Distracted Walking Is a Real Hazard
Do Not Walk Distracted – Prevent Pedestrian Accidents
If you think distraction only applies to drivers, think again. Pedestrian deaths increased by 19% from 2009 to date. And men are more likely to die, accounting for 79% of all pedestrian deaths over the years mentioned. One death occurs every two hours, and one person is injured every seven minutes. And this is due to so many things – from using electronic devices to putting lipstick on the road.
Pokemon Go, for one, is a very popular – and dangerous – form of pedestrian distraction. How many times have you heard about a person hitting the wall while playing? There have even been reports of people tripping or falling down the stairs while attempting to catch a fictional creature.
Walking with Electronic Devices
Experienced pedestrian accident attorneys know that walking while distracted by electronic devices can lead to death. Several cases seen on the news also prove that this is a real threat. In fact, it seems like this has become a normal occurrence in our day to day lives. For instance:
- In New York, there was a girl who fell six feet into a manhole. She did not see the hole because she was texting while walking. Although her injuries were not serious, she did end up being covered by sewage.
- In Florida, a man died of sustained injuries. Multiple vehicles hit him while he was crossing the street. He was texting. The car drivers did not expect him to cross.
- In North Carolina, a bus ran over a jogging student who crossed the street abruptly. The student was listening to his iPod and never heard the bus. He crossed the street without looking.
- Another man broke a finger when he tripped while on his phone, talking to somebody.
There are much more cases of accidents on a day-to-day basis due to distracted walking, and pedestrian accident attorneys take care of these cases. One study found that 20% of these accidents involved pedestrians who were distracted by their mobile devices. Approximately a third of these accidents occurred in busy intersections.
Walking with Other Distractions
Although electronic devices are the primary source of distraction these days, there are many other forms of distracted walking that can lead to serious injuries or even death. Let us take a look at each of them.
- Walking while looking for something in a bag – Many people, particularly women, do this while crossing the street. They look straight into their bag and dig around for an item. Meanwhile, there is an oncoming vehicle, sewer grate, or other hazard…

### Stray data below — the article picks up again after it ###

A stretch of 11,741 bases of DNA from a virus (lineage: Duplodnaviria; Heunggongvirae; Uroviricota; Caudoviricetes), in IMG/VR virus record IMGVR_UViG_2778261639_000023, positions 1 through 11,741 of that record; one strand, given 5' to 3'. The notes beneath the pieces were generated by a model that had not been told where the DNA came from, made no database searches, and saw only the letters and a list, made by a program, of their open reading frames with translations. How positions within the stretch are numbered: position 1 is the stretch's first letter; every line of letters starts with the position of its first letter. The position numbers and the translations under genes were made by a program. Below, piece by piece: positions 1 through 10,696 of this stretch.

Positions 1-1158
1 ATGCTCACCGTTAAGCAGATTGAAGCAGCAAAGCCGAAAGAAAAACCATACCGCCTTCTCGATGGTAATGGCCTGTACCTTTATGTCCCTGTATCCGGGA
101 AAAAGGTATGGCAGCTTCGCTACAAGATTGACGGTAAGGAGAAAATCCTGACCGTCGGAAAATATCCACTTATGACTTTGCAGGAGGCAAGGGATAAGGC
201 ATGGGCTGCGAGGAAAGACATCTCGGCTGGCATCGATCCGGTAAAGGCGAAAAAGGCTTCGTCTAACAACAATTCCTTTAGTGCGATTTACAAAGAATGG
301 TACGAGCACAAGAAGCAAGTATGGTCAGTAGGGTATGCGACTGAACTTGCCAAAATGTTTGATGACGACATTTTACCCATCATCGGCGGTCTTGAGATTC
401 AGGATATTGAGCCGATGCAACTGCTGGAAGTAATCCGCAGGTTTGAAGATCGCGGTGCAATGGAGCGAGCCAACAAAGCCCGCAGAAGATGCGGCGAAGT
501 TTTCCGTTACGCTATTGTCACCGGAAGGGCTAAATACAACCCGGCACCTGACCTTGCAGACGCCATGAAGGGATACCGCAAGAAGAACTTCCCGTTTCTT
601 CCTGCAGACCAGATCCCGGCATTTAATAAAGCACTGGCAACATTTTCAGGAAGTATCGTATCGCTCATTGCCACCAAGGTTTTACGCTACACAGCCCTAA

- Eating while walking – Many people are guilty of this, especially these who live in busy urban areas where multitasking is common. Eating takes your attention away from the road, especially when the food is messy and difficult to eat. It’s best to relax and eat while standing still or sitting. This way, you won’t put yourself at risk.
- Reading – Books can wait. No matter how good the novel is or how juicy the news is, it is not worth the risk. When you read, you take your eyes almost 100% off the road. Also, the brain has to process what you read. The brain has to imagine and visualize the words you see. The problem with this is it impairs your hearing. You may inadvertently cross a busy road, or you might trip and fall.
Accidents do happen, but most of these causes are preventable. What we can learn from these accidents is that looking is not the same as seeing. The eyes and the brain can only process so much information at any given time. You cannot force your brain to multitask and expect perfect results all the time.
Also, doing other things apart from focusing on the road takes away a key element of road safety – hearing. Hearing allows you to perceive things from behind you, like cars passing by or a revving motor. If you can hear cars or buses honking, and this lets you know that there is danger close by. If you cover your ears with ear plugs and listen to music, you shut down an important element of safety on the road.
Our lawyers have decades of experience in providing excellent results in these areas of practice.